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January 20 lesson: Rejoice in All Circumstances

January 06, 2019
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Rejoice in All Circumstances

Winter Quarter: Our Love For God
Unit 2: Loving God by Trusting Christ

Sunday school lesson for the week of January 20, 2019
By Helen and Rev. Sam Rogers

Lesson Scripture: Philippians 1:12-21

Hallelujah! What a lesson lies before us, as we join the voices across the centuries in giving thanks for Paul’s letter to the “saints in Philippi!” What a contrast in tone and content from last week’s tough message from James! Paul’s message is not easy or free from pain. Just the opposite: he is in great distress and danger, but rejoices. How?

A little history is in order. The city was named for Philip, the father of Alexander the Great.  Later, in the Roman era, Octavian defeated Brutus and Cassius, two of the assassins of Julius Caesar, in a bloody battle there. When Octavian became Caesar Augustus, he made land grants to his veterans at the site of his triumph. Thus, Philippi became a Roman colony. 

Paul, Silas, Timothy (and probably Luke) came to Philippi on the Second Missionary Journey. Here is where Acts, written by Luke, begins first person (not third person) accounting. From Acts we know of several members of the Christian fellowship there: Lydia, the wealthy dealer in purple; the woman being used for financial gain by unscrupulous men for divination; and the famous jailer. The Philippian church was very generous in the offering for the Christians in Jerusalem. The letter bearing their name was a “thank you” for financial support, sent during Paul’s imprisonment.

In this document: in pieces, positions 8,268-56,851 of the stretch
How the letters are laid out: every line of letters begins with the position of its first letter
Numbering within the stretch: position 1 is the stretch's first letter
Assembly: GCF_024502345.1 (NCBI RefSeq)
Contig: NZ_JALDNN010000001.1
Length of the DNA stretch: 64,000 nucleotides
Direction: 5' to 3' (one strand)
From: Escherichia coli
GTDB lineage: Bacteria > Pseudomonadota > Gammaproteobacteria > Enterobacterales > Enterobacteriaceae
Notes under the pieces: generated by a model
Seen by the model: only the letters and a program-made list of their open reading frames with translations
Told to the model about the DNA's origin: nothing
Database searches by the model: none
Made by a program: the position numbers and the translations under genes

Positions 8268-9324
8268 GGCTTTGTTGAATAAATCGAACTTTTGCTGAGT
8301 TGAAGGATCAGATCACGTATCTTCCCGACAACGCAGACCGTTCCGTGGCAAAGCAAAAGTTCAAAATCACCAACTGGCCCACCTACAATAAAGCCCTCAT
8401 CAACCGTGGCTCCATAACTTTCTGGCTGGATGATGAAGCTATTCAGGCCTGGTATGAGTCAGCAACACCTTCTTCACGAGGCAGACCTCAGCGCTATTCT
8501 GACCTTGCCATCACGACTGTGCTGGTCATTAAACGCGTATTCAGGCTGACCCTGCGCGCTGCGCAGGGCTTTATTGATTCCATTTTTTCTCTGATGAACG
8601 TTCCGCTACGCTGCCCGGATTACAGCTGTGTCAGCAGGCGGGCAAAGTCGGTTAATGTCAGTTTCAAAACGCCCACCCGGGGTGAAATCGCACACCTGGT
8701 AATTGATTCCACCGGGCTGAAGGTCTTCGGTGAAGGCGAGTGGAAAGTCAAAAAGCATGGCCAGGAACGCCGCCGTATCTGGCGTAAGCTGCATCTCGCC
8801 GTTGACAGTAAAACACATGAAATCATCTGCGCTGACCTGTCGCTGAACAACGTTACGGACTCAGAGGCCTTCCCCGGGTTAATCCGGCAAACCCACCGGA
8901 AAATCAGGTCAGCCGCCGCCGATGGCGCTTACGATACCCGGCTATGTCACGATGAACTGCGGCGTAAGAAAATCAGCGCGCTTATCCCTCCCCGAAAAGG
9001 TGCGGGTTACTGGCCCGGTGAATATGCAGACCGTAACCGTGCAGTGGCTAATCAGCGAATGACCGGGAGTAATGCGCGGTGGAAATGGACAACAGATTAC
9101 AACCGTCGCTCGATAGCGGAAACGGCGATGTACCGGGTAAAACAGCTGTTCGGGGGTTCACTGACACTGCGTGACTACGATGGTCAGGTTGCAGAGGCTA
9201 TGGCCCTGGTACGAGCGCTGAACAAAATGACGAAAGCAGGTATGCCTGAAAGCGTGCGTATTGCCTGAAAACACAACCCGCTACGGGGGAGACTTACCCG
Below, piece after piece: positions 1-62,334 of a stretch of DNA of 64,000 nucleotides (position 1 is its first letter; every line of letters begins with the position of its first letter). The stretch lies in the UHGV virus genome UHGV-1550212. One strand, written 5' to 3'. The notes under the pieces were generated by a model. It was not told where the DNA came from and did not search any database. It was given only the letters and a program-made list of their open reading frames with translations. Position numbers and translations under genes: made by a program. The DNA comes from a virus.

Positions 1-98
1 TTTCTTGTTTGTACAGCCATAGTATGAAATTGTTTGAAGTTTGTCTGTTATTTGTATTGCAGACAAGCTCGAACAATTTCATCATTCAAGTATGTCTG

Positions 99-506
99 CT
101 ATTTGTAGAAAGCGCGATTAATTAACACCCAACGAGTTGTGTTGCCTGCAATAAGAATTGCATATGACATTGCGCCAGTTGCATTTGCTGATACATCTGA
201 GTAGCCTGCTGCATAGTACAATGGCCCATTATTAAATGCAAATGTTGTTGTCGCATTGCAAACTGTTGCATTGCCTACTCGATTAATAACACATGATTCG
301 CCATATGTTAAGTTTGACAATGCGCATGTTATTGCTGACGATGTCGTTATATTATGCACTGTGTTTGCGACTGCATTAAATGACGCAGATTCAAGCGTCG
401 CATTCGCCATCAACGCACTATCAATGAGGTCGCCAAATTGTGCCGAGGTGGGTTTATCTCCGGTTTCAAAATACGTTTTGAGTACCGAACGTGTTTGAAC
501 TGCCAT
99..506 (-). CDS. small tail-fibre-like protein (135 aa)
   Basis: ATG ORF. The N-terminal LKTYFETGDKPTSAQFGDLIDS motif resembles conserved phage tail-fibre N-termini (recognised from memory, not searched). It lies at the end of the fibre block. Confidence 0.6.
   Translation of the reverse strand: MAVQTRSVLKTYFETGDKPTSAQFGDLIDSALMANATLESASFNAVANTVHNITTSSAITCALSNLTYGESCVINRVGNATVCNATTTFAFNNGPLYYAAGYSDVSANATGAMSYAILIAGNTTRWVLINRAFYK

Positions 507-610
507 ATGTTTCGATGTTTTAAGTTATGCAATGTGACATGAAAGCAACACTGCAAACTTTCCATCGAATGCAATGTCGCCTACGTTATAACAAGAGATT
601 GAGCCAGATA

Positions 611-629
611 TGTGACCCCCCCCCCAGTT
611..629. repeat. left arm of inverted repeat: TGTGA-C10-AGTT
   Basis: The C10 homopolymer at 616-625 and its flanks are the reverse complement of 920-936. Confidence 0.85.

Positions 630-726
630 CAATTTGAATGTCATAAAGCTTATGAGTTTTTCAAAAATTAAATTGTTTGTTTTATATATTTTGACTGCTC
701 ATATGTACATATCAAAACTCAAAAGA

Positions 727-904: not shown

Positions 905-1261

Oh yes, Paul was now in prison in Rome, awaiting trial before Nero, the current Caesar! Certainly, these circumstances prompted a spiritual crisis for this congregation: proud of their Roman heritage, but bewildered because Paul was under criminal charges by Caesar. The Praetorian Guard, like the U.S. Secret Service, was entrusted with protecting Caesar in all ways, including guarding anyone who was considered a threat to the stability of the Empire. Thus, the conflict: allegiance to Christ or allegiance to Rome. 

In addition to this conflict, there were deeper divisions among the fellowship. Later, in chapter 4, Paul names two women – Euodia and Syntyche – as leaders of the split. Sam always said the split was over the color of the carpet, but Helen felt chairmanship of the Parsonage Committee was at the heart of the conflict! Paul doesn’t say, but in this loving “thank you” letter he pleads – repeatedly – for the two women “to agree in the Lord.” Christ will be at the center of their reconciliation, as well as the Author of their salvation. Here is the heart of Paul’s ability to rejoice in the circumstances of imprisonment and possible death.

As Jesus willingly suffered and died for the sins of all, Paul sees his incarceration as an opportunity to visibly show the way of the Cross to all. He is a sermon in action, but he is also a “talker!” He is telling everyone about Jesus – who he is and what he has done for humankind.  Even his guards listen and are influenced by what he shows and says. The Good News advances by the same way it began: by faithful, lowly self-sacrifice.